Liberal leader Justin Trudeau's announcement that pro-life individuals will no longer be allowed to seek federal Liberal nominations is a calamitous move against social justice and human dignity in Canada. All three major parties have now placed themselves foursquare against one of the most basic human rights – the right to life.
A few years ago, the late Jack Layton took the same stance in the New Democratic Party – those who support the life of the unborn will not be allowed to run as NDP candidates.
A Conservative can still run and get elected to Parliament as a pro-lifer. However, the edict of Prime Minister Stephen Harper is clear – you can be personally opposed to abortion, but you cannot do anything to stop it. You can think pro-life thoughts, but you dare not act on them.
This, despite the fact that two-thirds of Canadians declare themselves opposed to the current situation in Canada – that an unborn child can be aborted at any stage of pregnancy for any reason. This majority of view of Canadians – a view that calls for a law restricting abortion – is adamantly opposed by the political elite.
How did Canada reach this point? How will we get out of this obscene quagmire?
It was not long ago – roughly 30 years – that Catholic priests sat in the House of Commons bearing witness to a consistent ethic of life. Fathers Bob Ogle and Andy Hogan defended the right to life of the unborn as well as the rights of Canadians marginalized by economic structures. Several lay Catholics, including Edmonton's Douglas Roche, also carried that torch.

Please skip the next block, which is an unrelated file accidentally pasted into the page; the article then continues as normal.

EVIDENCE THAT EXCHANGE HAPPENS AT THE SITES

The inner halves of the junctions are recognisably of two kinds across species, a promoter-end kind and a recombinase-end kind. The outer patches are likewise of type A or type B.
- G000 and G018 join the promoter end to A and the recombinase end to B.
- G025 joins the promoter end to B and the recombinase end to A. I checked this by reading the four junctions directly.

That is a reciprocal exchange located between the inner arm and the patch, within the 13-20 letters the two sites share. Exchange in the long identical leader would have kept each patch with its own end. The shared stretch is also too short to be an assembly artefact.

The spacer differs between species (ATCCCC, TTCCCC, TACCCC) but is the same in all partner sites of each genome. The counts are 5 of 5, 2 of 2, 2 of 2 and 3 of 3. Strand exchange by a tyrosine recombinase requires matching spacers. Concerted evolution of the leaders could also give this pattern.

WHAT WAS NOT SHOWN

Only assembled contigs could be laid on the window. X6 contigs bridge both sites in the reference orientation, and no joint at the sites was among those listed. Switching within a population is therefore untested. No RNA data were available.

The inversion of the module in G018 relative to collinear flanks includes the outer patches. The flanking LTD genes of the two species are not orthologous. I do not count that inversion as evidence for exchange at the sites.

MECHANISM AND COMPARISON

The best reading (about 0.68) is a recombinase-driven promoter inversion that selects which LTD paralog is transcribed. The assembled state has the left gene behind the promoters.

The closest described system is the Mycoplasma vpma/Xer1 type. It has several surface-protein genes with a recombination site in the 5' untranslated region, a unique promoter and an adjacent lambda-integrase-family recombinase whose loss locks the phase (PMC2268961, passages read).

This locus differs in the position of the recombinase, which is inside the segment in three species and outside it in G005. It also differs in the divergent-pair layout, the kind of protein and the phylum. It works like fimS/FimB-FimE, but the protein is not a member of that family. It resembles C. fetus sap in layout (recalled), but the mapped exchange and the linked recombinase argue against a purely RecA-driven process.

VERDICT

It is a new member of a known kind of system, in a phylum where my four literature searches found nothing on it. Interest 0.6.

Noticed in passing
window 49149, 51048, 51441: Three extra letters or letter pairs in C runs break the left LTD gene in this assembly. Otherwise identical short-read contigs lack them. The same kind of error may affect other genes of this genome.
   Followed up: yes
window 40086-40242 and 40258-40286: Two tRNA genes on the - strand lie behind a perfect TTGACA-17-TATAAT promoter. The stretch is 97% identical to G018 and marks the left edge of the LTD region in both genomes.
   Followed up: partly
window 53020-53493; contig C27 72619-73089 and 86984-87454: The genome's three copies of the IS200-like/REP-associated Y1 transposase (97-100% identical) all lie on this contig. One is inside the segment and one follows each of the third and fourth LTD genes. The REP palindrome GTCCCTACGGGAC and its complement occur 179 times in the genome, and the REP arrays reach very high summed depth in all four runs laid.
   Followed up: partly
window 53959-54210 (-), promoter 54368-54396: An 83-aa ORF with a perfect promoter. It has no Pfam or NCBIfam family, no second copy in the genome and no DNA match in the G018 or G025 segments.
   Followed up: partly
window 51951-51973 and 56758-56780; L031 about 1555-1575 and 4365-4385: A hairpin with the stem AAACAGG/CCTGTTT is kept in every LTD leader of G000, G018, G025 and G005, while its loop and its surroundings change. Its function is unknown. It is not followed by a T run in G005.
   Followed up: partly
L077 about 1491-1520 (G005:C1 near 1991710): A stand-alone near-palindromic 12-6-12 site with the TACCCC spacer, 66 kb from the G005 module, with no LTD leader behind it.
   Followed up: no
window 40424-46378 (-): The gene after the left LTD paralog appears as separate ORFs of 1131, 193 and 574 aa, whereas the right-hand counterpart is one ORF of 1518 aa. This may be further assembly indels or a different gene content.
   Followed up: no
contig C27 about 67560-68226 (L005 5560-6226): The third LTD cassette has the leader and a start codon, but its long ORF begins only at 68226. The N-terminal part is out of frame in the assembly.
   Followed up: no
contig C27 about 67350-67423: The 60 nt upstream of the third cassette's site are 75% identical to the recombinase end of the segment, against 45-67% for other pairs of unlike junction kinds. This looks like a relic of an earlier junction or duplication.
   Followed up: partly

However, when those MPs stepped down or were defeated in elections, there were fewer and fewer people to whom that torch could be passed on. The Christian and Catholic voice – long a prominent one in federal politics – was marginalized. Yes, many committed Christians sit in Parliament, but one no longer hears the voice of Catholic social teaching in that arena.
Partly this is due to the widespread view that politics and religion should not be mixed. It is also due to a lack of enough Catholics who are educated in the Church's social teaching to come forth and offer themselves as candidates.
The temptation now is to abandon politics because no party allows one to raise a Catholic voice with integrity. Politics, however, is always impure, always the realm of sometimes distasteful compromise.
More than ever, there is a need for Catholic laity to become educated about Church social teaching and to speak its truth in all corners of public life, including politics. Catholics must gain the courage to witness to the rights to life, dignity and religious freedom in hostile environments.
More than ever, there is also the need for extra-parliamentary activity, the sort of quiet work done by pro-life groups as well as the public witness of events like the March for Life.
The Catholic Church is increasingly called upon to be counter-cultural. Our faith and our humanity call us to stand up in public against the tidal wave of assaults on human life and dignity.